Friday, 9:00am
11 November 2016

Offset Sheffield 2016: day two

Florence Blanchard, LEGO, Shane Griffin, Ben Bos, Laura Carlin, Sabrina Bongiovanni, TDR, Cat Powell, Morag Myerscough & Droga5 in Sheffield

The second of two reports from Offset Sheffield … written by final-year students at Sheffield Institute of Art’s Graphic Design and Illustration course. The first day’s report can be read here.

Day two kicked off with Florence Blanchard, the French painter, muralist and illustrator who now lives and works in Sheffield, co-running B&B Gallery with Ed Bradbury. Blanchard was a graffiti artist (tagging under the name ‘EMA’) who gained a PhD in molecular biology – she ran through her eclectic influences and her own work in a portfolio of bright colours, eccentric shapes and bold patterns – as at home on the walls of the gallery as they are the darkest of alleyways.

Despite finding inspiration in heavily scientific or statistical subject matter, the abstract shapes and squiggles of the microscopic come together in forms that capture the attention and intrigue passers-by regardless of their scientific knowledge. Blanchard, who received no formal creative tuition herself, was keen to relate this back to arts practice. For her, anyone can enjoy and create art, and a lack of art education should never inhibit creative practice.

LEGO Star Wars design director Jens Kronvold Frederiksen.


This theme of ‘unfettered creativity’ continued throughout the morning on the main stage, with Jens Kronvold Frederiksen – design director of LEGO Star Wars – discussing all things brick-shaped. Frederiksen mentioned how this influences the design of new ranges, from the ergonomic design considerations between adults and children, to the accidental creation of the LEGO Millennium Falcon – which would turn out to be the largest LEGO set ever made (briefly) – a personal ‘project’ that Frederiksen had started on just for fun, but that was spotted on his desk by an eagle-eyed colleague.

Shane Griffin.


Shane Griffin, New York based designer and motion graphic artist, also advocated the role of experimentation and play, seeing a move away from commercial briefs as a chance to showcase ideas or test new thinking. With a keen eye (or perhaps an obsession) for detail, Griffin’s desire to keep pushing himself led him to take the leap from 3D rendered imagery into real life sculpture (as part of a commission for Nike) and beyond, creating a ‘Rube Goldberg’ (or Heath-Robinson) style machine for a single-take advert for the National Lottery.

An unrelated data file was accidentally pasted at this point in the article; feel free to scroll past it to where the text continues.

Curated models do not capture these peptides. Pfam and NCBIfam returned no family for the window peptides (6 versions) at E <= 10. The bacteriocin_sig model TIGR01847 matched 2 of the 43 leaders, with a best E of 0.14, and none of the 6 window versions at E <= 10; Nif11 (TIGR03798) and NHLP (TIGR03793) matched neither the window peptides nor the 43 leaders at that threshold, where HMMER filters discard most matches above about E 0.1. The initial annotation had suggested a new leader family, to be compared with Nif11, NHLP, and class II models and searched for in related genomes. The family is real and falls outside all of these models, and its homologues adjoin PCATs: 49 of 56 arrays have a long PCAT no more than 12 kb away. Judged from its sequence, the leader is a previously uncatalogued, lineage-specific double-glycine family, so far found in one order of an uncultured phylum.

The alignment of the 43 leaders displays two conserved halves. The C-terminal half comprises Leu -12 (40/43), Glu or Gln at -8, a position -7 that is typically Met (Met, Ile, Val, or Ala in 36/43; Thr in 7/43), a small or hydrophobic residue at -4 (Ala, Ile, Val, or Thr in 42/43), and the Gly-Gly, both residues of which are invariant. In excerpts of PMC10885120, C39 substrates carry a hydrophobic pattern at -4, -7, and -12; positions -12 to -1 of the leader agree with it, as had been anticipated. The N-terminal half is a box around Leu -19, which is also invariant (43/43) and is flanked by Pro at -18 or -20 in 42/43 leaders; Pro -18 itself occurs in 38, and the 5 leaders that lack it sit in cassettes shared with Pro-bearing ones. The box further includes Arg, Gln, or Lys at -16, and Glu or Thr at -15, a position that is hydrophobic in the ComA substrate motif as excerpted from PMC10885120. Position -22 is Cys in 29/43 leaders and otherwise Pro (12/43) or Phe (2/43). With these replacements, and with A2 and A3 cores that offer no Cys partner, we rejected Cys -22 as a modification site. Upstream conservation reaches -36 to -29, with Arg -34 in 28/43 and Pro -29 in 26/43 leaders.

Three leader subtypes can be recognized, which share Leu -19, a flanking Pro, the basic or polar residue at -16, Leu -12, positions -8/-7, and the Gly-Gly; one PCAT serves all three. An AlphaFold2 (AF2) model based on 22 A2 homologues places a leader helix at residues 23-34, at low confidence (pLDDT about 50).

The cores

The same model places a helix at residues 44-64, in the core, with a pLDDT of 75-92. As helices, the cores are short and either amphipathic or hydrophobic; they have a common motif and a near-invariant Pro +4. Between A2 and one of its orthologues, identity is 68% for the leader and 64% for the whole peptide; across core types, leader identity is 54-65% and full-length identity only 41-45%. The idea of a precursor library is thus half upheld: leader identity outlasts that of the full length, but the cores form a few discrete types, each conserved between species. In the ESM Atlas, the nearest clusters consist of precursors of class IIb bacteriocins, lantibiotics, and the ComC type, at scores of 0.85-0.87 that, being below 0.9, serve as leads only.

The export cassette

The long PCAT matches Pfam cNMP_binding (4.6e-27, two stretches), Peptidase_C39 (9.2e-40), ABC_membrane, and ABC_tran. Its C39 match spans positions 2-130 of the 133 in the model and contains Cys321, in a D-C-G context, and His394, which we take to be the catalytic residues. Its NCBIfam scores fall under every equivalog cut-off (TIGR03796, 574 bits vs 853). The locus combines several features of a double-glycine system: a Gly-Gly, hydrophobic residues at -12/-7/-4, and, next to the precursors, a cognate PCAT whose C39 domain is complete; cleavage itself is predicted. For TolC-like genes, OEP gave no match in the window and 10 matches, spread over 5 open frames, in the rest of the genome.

Griffin was followed by Ben Bos of Total Design (see ‘The gridniks’ in Eye 79), who had a fair amount of design work to show. Rounding up the morning with a whistle-stop tour of a design career spanning more than 50 years, Bos’s work – as ever – looked as fresh and meticulously considered as any contemporary counterpart.

Illustrator Laura Carlin and photographer Sabrina Bongiovanni spoke about the ups and downs of breaking into their respective industries – important information for students to hear.

Text by Ian Anderson (See Eye 71).

Hum Drum Gimme Some

Friday’s speaker, TDR’s Ian Anderson, was joined on the main stage by a panel of Sheffield-based designers (Patrick Murphy of Made North gallery, Thom Barnett of Mamnick menswear, and Mike and Katie of Tado design studio) to discuss place and creativity.

As a prelude to the discussion, Anderson offered up the age-old question that plagues designers approaching the end of their higher education, about to dive into the world of industry: whether you have to go to London to be a successful designer. This seems to be a particular concern for Northern (and Northern-based) students, and a fitting question to raise at a design conference that has now appeared in both the capital and Yorkshire as a complement to its Dublin origins. The panel argued that in the case of graphic design practice, wherever you learn your craft, the potential springboard for your career comes through the connections you make, the experience of the place, and your passion for the subject.